Radio host Alan Bird witnesses how an ice cream van is attacked and destroyed by an angry competitor. This leads him into the struggle between two Italian families, the Bernardis and the ... See full summary »
Sam and Felix are art thieves. Sam has just stolen a picture from a museum in Italy, but told Felix that it was lost in a boat accident. He wants copies made to sell while he will sell the ... See full summary »
The intertwined lives of two kindred souls with ambition begins when Captain Whip Hoxworth discovers that Nyuk Tsin has been smuggled aboard as part of cargo on The Carthaginian, which he ... See full summary »
One night of 1881, Doc Holliday, a famous poker gambler, enters the 'No Name Saloon'. There, he challenges a man to poker, betting his horse against his opponent's wife. Doc wins and from ... See full summary »
A bank security expert plots with a call girl to rob three safety deposit boxes containing $1.5 million in cash belonging to three very different criminals from a high-tech security bank in Hamburg, Germany.
The triumphs and failures of middle age as seen through the eyes of runaway American housewife Mary Wilson (Jean Simmons), a woman who believes that ultimate reality exists above and beyond the routine procedures of conscious, uninspired, everyday life. She feels cheated by an older generation that taught her to settle for nothing less than storybook finales, people who are disillusioned and restless and don't know why, people for whom life holds no easy answers. Great supporting cast includes John Forsythe, Teresa Wright, Lloyd Bridges, Shirley Jones, Bobby Darin, Tina Louise, Dick Shawn, and Nanette Fabray. Written by
Teresa Wright was just 11 years older than Jean Simmons, who was playing her daughter. See more »
During opening credit sequence, many late model 1960's cars can be seen in flashback scene supposedly set 15 years earlier. See more »
I've found the secret formula: IF you look and smell right, IF your hair is the right color, if you drive the right car, smoke the right cigarette, if your bosom is big, and firm, and fully packed, and your breath is sweet and your teeth are bright, then you'll find love, marriage, and be happy forever... if - IF - you promise never, but never, to grow old.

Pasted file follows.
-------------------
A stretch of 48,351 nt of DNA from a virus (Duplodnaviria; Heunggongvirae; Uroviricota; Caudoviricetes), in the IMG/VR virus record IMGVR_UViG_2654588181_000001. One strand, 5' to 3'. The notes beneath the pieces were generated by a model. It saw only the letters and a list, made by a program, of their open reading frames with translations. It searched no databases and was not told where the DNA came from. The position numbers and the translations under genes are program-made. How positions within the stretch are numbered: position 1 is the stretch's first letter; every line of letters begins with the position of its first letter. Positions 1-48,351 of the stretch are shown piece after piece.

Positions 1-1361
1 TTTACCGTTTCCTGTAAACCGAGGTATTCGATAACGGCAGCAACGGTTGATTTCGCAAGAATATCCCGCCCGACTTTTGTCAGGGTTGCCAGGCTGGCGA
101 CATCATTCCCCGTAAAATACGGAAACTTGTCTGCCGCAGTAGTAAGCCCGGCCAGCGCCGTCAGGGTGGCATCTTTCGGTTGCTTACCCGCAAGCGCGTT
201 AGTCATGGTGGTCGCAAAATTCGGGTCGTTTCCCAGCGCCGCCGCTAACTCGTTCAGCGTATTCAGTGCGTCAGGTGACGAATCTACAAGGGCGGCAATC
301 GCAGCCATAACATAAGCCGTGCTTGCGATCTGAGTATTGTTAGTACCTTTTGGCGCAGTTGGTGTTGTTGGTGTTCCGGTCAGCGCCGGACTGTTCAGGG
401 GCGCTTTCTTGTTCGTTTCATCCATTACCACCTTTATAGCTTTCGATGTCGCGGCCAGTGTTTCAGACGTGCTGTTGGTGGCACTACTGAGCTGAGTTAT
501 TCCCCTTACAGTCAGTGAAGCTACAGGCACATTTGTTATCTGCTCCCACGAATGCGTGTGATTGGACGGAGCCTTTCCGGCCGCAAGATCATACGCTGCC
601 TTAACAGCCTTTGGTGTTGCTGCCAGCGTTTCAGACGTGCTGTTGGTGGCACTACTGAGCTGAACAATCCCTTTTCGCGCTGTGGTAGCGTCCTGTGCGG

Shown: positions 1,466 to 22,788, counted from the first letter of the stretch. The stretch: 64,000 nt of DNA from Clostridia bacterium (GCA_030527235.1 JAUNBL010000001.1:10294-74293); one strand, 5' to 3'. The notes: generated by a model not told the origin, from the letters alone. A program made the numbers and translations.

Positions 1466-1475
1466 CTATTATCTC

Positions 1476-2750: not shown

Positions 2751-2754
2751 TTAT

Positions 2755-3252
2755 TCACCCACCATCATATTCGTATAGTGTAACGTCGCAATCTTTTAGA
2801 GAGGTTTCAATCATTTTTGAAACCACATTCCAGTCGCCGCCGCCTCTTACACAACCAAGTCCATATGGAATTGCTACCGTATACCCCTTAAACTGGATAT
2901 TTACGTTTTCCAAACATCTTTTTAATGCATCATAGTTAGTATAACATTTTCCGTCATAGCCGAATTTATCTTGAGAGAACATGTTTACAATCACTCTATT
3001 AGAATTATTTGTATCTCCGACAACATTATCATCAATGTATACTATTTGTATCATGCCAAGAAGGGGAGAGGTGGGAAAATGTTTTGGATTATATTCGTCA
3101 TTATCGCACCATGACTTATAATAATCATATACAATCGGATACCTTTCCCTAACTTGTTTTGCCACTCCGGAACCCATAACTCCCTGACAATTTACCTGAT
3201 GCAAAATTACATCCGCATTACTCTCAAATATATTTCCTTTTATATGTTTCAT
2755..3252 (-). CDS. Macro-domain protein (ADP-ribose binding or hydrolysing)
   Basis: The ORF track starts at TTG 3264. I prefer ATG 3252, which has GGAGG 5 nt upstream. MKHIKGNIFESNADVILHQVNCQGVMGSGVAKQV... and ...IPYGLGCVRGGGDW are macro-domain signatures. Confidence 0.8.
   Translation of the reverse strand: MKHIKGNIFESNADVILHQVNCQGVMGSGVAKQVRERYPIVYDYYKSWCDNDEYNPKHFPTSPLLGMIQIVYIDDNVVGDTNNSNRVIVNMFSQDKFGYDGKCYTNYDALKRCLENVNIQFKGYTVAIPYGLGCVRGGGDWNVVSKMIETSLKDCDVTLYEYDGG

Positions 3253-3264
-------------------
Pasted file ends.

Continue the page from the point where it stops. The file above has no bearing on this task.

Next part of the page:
Why not? It's the American Dream.
I thought that was money?
Love and money are related by marriage.
Daddy, what's marriage?
Business. BIG ...
[...] See more »
Take a good look at the film credits of Jean Simmons especially during the Fifties and you'll find that woman has been in some of the best movies ever made. Yet nary an Oscar nomination for her until The Happy Ending and she lost that year to Maggie Smith for The Prime of Miss Jean Brodie.
A great example of this would be Elmer Gantry where Jean did not get a nomination unlike the Oscars won by her co-stars Burt Lancaster and Shirley Jones. Yet she did walk off with the director Richard Brooks who became her second husband. It was Brooks who wrote and directed The Happy Ending about a woman tipping into forty something who still has a whole lot of silly romantic notions.
Jean and husband John Forsythe are approaching their twentieth anniversary together and she feels in a rut. So she indulges in all kinds of bad behavior, runs up huge charge account bills, starts drinking like a fish, runs away to a vacation in the Bahamas where an old college pal, Shirley Jones, takes her in.
Elia Kazan in the same year 1969 did a similar film from the man's point of view, The Arrangement which starred Kirk Douglas. The Happy Ending however is far better and it might really have been interesting if Deborah Kerr in that film had gone off the edge the way Jean does here.
In The Happy Ending Jean loves watching Casablanca and I find it fascinating that she picks that as a great romantic film. If memory serves that's the one where Humphrey Bogart and Ingrid Bergman give up their personal happiness for what they conceive as the greater good.
I do like Shirley Jones in this film as the old college sorority chum who eschewed marriage to just being a permanent 'other' woman. She's had three so far and she's accompanying a fourth to Nassau in the person of Lloyd Bridges. It's fascinating that only Richard Brooks cast Shirley in parts where she wasn't a goody goody and she won great acclaim and an Oscar for being prostitute in Elmer Gantry.
Jean's partial solution to her problems in the end is a very typical feminist one which I will not reveal. As to whether she's damaged her relationship with Forsythe beyond repair, that's anyone's guess.
You will also like Teresa Wright as Jean's mother, Bobby Darin as an about to go over the hill gigolo, and Tina Louise as the neighbor who's ready to take Jean's place with Forsythe any time.
Besides Jean Simmons nomination, The Happy Ending also was nominated for Michel LeGrand's classic song, What Are You Doing The Rest Of Your Life, a question Jean is struggling to answer all the film long.
The Happy Ending is a good and mature film that could only have been made once the sacred Code was abandoned. Too bad though that it could not have resulted in an Oscar for its star.
24 of 29 people found this review helpful.
Was this review helpful to you?